the individuals' personally constructed reality.
"We are so used to looking at the world from the point of view of living things that we cannot understand what it means not to be alive on it."
Richard Feynman, The Meaning of it All, (1963). page 11.
Often it is said that she or he lives in a world all their own. That means we all live in our own isolated world; and to some extent we do create our own view of perception through the senses of smell, touch, taste, sound and seeing. We sense, see, taste, feel or hear so selectively, that we desire to become aware of only features and facets of a far larger world. By retrieving only some signals and paying attention to only a fraction of that information from the enormous range of the world we encounter, people screen out the wider scope of experiences.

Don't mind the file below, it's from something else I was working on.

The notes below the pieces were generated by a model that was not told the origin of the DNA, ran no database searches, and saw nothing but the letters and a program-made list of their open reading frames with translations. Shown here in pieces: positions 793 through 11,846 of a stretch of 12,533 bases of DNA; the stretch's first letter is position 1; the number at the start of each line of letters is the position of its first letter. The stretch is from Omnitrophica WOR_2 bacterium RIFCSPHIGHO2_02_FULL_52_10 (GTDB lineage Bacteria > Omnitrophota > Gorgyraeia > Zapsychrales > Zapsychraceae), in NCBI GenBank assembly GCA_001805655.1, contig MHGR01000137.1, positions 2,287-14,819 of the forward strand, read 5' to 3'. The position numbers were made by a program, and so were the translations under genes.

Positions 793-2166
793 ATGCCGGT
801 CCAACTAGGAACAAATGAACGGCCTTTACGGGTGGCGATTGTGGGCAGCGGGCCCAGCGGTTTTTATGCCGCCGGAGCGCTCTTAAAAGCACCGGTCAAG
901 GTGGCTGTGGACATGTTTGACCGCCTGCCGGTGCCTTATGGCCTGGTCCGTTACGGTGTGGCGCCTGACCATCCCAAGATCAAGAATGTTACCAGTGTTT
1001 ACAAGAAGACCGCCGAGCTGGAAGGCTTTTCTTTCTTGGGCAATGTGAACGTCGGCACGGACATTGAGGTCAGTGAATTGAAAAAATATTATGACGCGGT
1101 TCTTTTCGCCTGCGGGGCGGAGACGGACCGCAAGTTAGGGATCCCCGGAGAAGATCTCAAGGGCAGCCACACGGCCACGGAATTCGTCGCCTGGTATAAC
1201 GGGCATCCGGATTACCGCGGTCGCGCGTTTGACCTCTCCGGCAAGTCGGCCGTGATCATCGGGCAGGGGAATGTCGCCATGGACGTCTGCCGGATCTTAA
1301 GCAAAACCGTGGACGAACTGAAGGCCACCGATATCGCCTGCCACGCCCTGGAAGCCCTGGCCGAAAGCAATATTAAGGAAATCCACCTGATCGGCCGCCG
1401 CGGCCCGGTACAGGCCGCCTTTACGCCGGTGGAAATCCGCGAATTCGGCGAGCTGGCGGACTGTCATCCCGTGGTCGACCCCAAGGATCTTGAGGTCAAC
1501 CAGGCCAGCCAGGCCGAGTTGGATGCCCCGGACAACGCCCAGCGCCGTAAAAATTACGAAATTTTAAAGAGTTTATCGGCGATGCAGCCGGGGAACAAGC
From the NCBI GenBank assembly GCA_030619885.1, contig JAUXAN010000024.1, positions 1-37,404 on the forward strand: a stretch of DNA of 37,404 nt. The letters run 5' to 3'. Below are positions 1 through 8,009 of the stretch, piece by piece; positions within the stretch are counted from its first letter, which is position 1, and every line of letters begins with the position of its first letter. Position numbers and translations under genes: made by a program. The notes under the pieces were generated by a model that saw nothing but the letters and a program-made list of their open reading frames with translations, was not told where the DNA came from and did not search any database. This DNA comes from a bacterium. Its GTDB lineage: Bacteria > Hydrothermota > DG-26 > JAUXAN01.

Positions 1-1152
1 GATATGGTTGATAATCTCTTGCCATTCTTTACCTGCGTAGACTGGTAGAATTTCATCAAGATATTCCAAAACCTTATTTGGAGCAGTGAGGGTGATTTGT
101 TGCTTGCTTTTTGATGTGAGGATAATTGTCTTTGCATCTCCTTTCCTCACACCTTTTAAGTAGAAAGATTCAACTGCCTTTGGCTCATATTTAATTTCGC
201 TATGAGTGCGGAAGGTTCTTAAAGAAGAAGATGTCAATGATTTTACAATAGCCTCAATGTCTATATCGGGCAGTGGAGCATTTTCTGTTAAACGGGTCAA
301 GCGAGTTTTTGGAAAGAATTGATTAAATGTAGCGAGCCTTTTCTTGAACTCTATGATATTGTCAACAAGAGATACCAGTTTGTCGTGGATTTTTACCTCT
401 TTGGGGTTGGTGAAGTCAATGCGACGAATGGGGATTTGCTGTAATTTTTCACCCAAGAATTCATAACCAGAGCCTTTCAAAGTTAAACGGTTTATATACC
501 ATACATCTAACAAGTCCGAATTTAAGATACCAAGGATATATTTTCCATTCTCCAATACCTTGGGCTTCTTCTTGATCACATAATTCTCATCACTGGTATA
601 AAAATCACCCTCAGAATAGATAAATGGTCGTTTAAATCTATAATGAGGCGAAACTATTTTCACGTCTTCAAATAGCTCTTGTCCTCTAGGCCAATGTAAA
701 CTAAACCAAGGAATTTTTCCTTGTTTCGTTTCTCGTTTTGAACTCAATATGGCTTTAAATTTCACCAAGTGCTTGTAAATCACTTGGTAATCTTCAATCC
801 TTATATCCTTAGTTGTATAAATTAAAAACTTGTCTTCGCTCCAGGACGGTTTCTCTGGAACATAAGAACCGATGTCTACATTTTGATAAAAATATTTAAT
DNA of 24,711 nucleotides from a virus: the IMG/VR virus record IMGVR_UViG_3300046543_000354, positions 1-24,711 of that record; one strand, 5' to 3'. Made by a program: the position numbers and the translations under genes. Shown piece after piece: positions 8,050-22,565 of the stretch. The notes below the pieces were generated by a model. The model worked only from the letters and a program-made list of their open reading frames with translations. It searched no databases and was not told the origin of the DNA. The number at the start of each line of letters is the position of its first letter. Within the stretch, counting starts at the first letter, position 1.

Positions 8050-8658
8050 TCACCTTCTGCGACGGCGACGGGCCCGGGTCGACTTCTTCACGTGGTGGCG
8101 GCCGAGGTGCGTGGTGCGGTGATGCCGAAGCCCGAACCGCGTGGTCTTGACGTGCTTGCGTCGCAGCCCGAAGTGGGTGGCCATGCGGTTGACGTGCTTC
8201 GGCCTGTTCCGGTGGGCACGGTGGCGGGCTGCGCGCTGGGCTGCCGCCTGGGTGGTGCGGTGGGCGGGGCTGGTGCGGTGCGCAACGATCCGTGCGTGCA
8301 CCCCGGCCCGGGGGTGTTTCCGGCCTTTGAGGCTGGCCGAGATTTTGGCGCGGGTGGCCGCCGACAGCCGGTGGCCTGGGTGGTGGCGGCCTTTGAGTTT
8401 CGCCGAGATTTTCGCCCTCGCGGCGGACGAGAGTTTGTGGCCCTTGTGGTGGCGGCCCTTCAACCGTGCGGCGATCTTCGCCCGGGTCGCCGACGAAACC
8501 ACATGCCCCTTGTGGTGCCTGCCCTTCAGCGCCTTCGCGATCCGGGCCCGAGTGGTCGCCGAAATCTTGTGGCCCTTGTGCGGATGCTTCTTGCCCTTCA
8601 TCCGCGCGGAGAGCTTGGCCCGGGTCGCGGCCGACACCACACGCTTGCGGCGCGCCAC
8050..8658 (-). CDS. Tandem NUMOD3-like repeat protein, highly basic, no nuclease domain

While clearly the world is beyond our vision of it, the German gestalt psychologists acknowledged that to a limited extent each individual reconstructs the world in congruence with their own prejudices, biases and comforting or reassuring experiences.
"The division of the perceived universe into parts and wholes is convenient and may be necessary. But no necessity determines how it shall be done."
Gregory Bateson, Mind and Nature, p. 42.
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